6. Foam rollers – cut a 9 inch foam roller in half with the length about 30”. Practice standing on them in three different positions to get the feel of resistance. The three positions are: set them on the rounded side to the floor and stand on them like skis and practice swinging back with tipping them in either direction. Then place them flat side down and stand on them as if you are standing on a rounded fence and practice making swings and then for a more difficult drill turn them over so that the rounded side is down and do the same thing.
         On the through swing

    1. Big foot – using the teaching aid “big foot” practice hitting balls without letting the foot roll, lift or twist.
    2. Shear force drills – get a white board that you would use to write on in class and practice standing on the white board in your stocking feet and hitting balls. If you do it correctly, as you swing back your feet with turn to the target and as you swing down your feet will turn away from the target. Another shear force drill is to practice swinging your club and on your backswing jump in the air and move your back foot forward and your front foot backward and then reverse their movement on the downswing. You will feel the correct shearing in your swing.
    3. Spinners – (see above)
    4. Pillows – (see above)
    5. Foam rollers (see above)
  4. Create a narrower release interval – look for how long and how much wrist cock is held coming into impact. When the butt of the club is even with the back of the ball with an iron, the shaft should still be parallel to the ground.

         Drills to create a narrower release interval:

    1. Chip, punch, turn – in this drill start by pushing your hands forward until your lead wrist is flat and the butt of the club is in line with the middle of your lead leg. This is the impact position you are seeking. From there keep the wrists locked in that position, keep the club face square back and through and practice hitting chip shots with a pitching wedge until you can feel yourself hitting down on the ball and compressing it. The shot should go low about 20 yards. Then after you can do that, start with your hands in the middle of your body the swing back until your lead arm is parallel to the ground and your wrists are fully cocked. In this position your back arm should be connected to your side, your lead wrist flat and the shaft should be pointing at the target line. from there rotate your hips aggressively toward the target and hit punch shots trying to hit the ball as low as possible. Finally, go through the punch backswing to a full backswing by pulling your back shoulder over your back heel and still feel punch through impact.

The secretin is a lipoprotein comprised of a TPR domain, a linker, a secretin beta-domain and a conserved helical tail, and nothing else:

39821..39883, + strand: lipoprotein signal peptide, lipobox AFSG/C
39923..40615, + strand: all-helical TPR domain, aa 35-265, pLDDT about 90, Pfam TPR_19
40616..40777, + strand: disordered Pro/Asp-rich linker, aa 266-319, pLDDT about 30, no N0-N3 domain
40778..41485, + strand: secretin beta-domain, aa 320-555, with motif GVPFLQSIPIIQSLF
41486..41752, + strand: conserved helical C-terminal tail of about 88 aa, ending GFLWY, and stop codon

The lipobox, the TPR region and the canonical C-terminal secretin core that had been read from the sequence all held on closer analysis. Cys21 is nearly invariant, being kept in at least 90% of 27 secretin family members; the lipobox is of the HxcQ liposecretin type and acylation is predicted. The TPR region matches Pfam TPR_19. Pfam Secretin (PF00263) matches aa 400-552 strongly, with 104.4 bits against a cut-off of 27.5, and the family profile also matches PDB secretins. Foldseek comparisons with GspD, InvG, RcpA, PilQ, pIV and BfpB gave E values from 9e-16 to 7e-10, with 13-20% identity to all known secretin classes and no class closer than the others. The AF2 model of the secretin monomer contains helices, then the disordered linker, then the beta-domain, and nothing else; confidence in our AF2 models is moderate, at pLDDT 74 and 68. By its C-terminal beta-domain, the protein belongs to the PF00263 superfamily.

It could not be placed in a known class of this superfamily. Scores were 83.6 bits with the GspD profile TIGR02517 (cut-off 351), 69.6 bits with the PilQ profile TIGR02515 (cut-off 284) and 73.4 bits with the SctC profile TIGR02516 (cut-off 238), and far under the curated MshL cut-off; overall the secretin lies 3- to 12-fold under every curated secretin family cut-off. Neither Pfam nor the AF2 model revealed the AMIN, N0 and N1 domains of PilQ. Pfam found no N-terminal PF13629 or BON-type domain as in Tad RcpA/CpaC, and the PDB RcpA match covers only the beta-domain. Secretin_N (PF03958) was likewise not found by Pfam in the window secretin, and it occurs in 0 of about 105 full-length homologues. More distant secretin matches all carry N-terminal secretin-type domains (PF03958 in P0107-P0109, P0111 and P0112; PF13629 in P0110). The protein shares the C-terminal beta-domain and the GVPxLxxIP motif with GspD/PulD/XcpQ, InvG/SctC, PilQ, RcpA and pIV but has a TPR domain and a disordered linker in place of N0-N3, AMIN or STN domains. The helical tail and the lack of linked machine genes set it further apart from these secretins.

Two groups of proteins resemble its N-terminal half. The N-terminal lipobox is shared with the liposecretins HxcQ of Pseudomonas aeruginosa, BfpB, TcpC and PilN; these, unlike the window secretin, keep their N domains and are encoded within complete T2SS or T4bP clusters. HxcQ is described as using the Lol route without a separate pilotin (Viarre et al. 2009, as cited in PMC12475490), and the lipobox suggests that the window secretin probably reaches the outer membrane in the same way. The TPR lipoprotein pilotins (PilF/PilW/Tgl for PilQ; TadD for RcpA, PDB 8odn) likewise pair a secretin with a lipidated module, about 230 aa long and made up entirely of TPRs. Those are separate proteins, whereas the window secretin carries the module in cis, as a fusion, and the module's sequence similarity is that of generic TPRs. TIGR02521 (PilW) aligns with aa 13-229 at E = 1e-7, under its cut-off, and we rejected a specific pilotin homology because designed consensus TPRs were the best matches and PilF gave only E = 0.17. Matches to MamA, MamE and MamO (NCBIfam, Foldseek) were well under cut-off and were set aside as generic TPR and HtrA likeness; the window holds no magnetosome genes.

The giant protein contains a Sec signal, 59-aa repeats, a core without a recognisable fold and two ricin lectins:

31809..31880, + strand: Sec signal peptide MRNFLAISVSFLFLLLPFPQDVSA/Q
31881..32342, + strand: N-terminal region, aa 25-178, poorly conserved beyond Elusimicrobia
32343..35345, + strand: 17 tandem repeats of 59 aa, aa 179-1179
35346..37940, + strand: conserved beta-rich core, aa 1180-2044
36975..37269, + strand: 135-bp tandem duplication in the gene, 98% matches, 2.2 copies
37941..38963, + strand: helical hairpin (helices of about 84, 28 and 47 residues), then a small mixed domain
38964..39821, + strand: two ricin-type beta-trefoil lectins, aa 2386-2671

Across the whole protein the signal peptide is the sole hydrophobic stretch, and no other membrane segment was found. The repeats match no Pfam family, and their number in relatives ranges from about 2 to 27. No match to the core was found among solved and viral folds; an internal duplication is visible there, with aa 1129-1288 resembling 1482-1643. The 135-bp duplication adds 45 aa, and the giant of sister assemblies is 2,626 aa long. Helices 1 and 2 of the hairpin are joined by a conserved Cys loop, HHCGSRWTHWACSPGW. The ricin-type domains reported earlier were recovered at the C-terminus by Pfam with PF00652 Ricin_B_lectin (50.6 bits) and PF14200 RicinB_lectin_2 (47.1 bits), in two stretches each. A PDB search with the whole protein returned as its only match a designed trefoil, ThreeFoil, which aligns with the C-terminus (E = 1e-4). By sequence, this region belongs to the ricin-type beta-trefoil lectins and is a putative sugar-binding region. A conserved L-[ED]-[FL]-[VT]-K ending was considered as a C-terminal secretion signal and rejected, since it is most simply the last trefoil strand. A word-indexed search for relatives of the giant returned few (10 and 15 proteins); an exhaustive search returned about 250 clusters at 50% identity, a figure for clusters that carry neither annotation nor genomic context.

2. Over board – take a 2 x 4 board and lay it sideways one grip length behind the ball you are going to hit. Then take a 7 iron and hit full shots without hitting the board on the downswing. you will retain your lag!!!!
    3. Painted line – get a can of golf course marking paint and draw a line on the ground perpendicular to your target. Then place your ball so that the back of your ball is on the line. Then practice hitting 7 irons until all you your divots are on the target side of the line.
  5. Increase rpm’s – look for the overall speed of swing. Some players just don’t swing hard enough. Rpm’s mean that the student should be able to swing as fast as they can and maintain proper ration between body, arms wrists and club.

         Drills to increase rpm’s:

    1. Swish drill – take a driver and turn it upside down holding it just below the head of the club. Then swinging about knee high, try and make the loudest swish of the shaft as you can. After you can make a loud swish then try and make the loudest part of your swish right at the ball. It won’t do you any good to swish loudly before impact!
    2. Drawbacks – your body will only accelerate as fast as you can decelerate. To learn to decelerate correctly, take a driver and make 9 swings where you slowly swing the club to impact and then draw it back as fast as you can . Do this 9 times. Then take a 6 iron and do the same thing 18 times, then take the driver and turn it upside down and do the same 18 times then finish by going back to the driver right side up and doing the same 9 more times. This will teach you deceleration.
    3. Power fan – get the teaching aid “power fan” and make 5 really hard swings, then hit 5 shots with a 6 iron. You will feel your arms flying!
    4. Speed stick – get the training aid “speed stik” and practice swinging it 10 times as hard as you can. Then swing left handed ten times as hard as you can and then swing backwards and forwards ten times as fast as you can. try to do this 100 swings per day.
  6. Improve physical fitness – a student who is not fit will not be able to produce much power and need at least a minimum fitness level in the following areas: endurance, mobility, stability, strength and speed.